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Home, By Toni Morrison
Toni Morrison turns the focus of her extraordinary and sympathetic prose towards the plight of the poor
When Cee, the protagonist of Home, arrives at the house of her future employer, Dr Beauregard Scott, she isn't sure at first whether to knock on the front door or the back.
Toni Morrison has her decide on the back door – of course. Without mentioning race, without telling us that Cee is black and Dr Scott is white, she lets us know, just the same. In fact, Morrison barely mentions colour in this novel, apart from a brief mention of a "desegregated army" and some eugenics books Dr Scott keeps.
In her more recent novels, from Jazz in 1992, to Paradise (1998) and Love (2003), Morrison has traced the fortunes of black America, from struggling salesmen at the bottom to successful hoteliers near the top, focusing on local townsfolk, women struggling to raise families, girls trying to keep themselves safe. From the very start of her career, her focus had been on race and gender and history, and in her 2008 novel A Mercy, she came full circle, returning to the 17th century and the slave trade that was the focus of possibly her greatest novel, Beloved (1987).
But in Home, class almost emerges as the most important factor, overriding for the first time race, gender and history. Frank Money – Morrison always chooses her names carefully – is a Korean war veteran struggling with post-traumatic stress disorder, having witnessed his childhood friends die in front of him. He is unstable and unpredictable. His girlfriend Lily comes home, day after day, to find him sitting paralysed on a sofa, holding a single sock in his hand. He is prone to burst into tears at any given moment. He drinks to oblivion and winds up in mental institutions. Most of all, he is unable to hold down a job. Frank Money has no money. When we meet him at the start of the novel, he doesn't even have shoes to walk in.
There is an earlier memory in the novel, of leaving "with or without shoes", when men "with or without badges but always with guns" and presumably white, could force families, who were presumably black, out of their homes, their neighbourhoods, their towns. Frank recalls his mother, Ida, crying when he was a child, because she had to leave the wheelbarrow that contained all they had when they were forced out of Bandera County in Texas. They walked, ate from garbage cans, tied up their torn shoes with each other's laces. Frank's family is marked by colour, by the racism they face – and by their lack of shoes. Only poor people cannot afford new shoes.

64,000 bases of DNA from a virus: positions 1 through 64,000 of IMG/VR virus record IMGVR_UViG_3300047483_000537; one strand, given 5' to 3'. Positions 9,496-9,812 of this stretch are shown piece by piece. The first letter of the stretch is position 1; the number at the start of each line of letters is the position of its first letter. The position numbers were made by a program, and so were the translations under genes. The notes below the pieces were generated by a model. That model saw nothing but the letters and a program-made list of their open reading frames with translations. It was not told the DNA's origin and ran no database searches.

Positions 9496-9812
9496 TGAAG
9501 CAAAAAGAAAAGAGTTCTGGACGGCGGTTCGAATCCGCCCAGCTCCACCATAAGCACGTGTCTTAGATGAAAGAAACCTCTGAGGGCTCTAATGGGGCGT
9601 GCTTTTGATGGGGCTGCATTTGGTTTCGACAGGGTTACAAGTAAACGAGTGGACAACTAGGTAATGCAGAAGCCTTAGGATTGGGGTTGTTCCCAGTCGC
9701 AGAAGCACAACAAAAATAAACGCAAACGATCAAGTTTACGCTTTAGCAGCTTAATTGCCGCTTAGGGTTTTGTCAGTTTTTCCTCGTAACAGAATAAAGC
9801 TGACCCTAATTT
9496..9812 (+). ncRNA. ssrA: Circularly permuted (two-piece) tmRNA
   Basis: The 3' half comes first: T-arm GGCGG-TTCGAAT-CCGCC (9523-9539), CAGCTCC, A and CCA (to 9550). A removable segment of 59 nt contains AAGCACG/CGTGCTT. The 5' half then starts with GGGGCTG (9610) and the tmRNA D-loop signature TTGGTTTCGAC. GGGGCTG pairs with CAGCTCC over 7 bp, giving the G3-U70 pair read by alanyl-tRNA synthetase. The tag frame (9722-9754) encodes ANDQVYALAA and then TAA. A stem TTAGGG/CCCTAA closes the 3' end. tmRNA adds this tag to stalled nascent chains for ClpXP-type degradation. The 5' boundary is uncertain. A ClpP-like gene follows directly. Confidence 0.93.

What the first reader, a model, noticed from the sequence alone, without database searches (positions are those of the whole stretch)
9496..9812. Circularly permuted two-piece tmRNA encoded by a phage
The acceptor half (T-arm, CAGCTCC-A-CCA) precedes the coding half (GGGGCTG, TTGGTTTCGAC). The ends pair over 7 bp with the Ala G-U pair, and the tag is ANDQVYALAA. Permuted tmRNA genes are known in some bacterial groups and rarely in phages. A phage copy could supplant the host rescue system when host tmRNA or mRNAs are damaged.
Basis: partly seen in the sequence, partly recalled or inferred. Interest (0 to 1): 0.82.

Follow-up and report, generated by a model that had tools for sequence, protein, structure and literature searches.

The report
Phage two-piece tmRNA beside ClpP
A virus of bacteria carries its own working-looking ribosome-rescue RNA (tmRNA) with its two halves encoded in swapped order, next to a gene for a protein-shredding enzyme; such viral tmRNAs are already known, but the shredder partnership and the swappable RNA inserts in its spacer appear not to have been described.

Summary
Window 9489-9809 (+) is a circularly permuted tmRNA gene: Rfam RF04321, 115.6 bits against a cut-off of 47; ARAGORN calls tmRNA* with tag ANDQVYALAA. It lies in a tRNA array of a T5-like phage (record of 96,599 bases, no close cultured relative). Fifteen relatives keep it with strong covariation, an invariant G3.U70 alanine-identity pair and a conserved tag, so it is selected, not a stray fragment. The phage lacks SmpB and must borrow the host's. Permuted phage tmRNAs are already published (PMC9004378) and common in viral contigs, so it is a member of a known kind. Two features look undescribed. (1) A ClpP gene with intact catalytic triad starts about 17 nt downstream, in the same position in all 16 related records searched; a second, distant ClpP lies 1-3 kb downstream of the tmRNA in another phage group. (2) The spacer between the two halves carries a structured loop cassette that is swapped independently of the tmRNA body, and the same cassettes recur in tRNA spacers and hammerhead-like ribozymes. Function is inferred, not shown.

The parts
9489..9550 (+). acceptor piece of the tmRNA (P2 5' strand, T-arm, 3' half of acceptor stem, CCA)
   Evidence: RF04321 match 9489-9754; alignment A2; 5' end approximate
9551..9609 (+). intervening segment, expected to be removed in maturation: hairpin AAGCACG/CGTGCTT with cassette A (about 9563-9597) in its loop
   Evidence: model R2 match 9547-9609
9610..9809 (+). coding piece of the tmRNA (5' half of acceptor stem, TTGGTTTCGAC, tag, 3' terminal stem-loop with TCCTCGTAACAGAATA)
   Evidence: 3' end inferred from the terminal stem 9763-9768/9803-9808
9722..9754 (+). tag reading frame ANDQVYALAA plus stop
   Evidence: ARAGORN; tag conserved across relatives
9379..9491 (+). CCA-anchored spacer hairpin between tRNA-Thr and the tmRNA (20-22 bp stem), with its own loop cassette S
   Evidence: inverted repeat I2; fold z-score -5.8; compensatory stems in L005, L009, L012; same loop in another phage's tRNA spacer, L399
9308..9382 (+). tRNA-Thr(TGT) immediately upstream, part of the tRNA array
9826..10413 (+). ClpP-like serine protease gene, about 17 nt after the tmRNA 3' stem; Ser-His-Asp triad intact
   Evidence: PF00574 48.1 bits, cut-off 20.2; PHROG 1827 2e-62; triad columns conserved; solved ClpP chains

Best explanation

When a very young Frank and his sister Cee witness something they don't quite understand – the aftermath of an indescribably brutal racist killing – what affects them the most is the sight of the victim's shoeless foot sticking out of a makeshift grave. Here is one of the other mentions of colour, as Frank tries to shield his sister from the sight and fails: "When she saw that black foot with its creamy pink and mud-streaked sole being whacked into the grave, her whole body began to shake." When he lingers in Lily's apartment years later, sock in hand and some more strewn on the floor around him "like broken feet", we are reminded of that murder.
Frank is trying, despite the many obstacles he faces, to get to his sister, who is on the point of death in Dr Scott's house. Cee had fled the house where her family decamped once they had been forced out of Bandera County, and which was owned by her step-grandmother, Lenore. "A mean grandmother is one of the worst things a girl could have," and Lenore, furious that her attempts to escape her working-class roots are being thwarted by this sudden invasion of her husband's family, is a mean grandmother.
What Lenore fails to see in the people around her is their generosity and willingness to help each other – they weren't rich, but they were "openhanded. If someone had an abundance of peppers or collards, they insisted Ida take them". Cee understands them but Lenore cannot, and so she flees with the first man who asks her, and who turns out, naturally, to be faithless.
Cee's arrival at Dr Scott's house for the job of live-in helper denotes her race and class – despite the new, white, high-heeled shoes she insists on wearing in order to try and set herself apart. Her treatment by Scott, who subsequently carries out eugenicist experiments on her, also denotes her race and class and gender. Poor black women are simply bodies to be used for their masters' ends, and the echoes of Beloved and A Mercy here are both deliberate and deafening.
Like the best writers, Morrison has politics underpinning her prose. Class permeates her symbolism; the injustice of poverty, made worse by race and gender, weighs down her characters. And yet they never lose their humanity. Only Morrison can take the human soul down into its darkest parts, yet somehow let it flourish.
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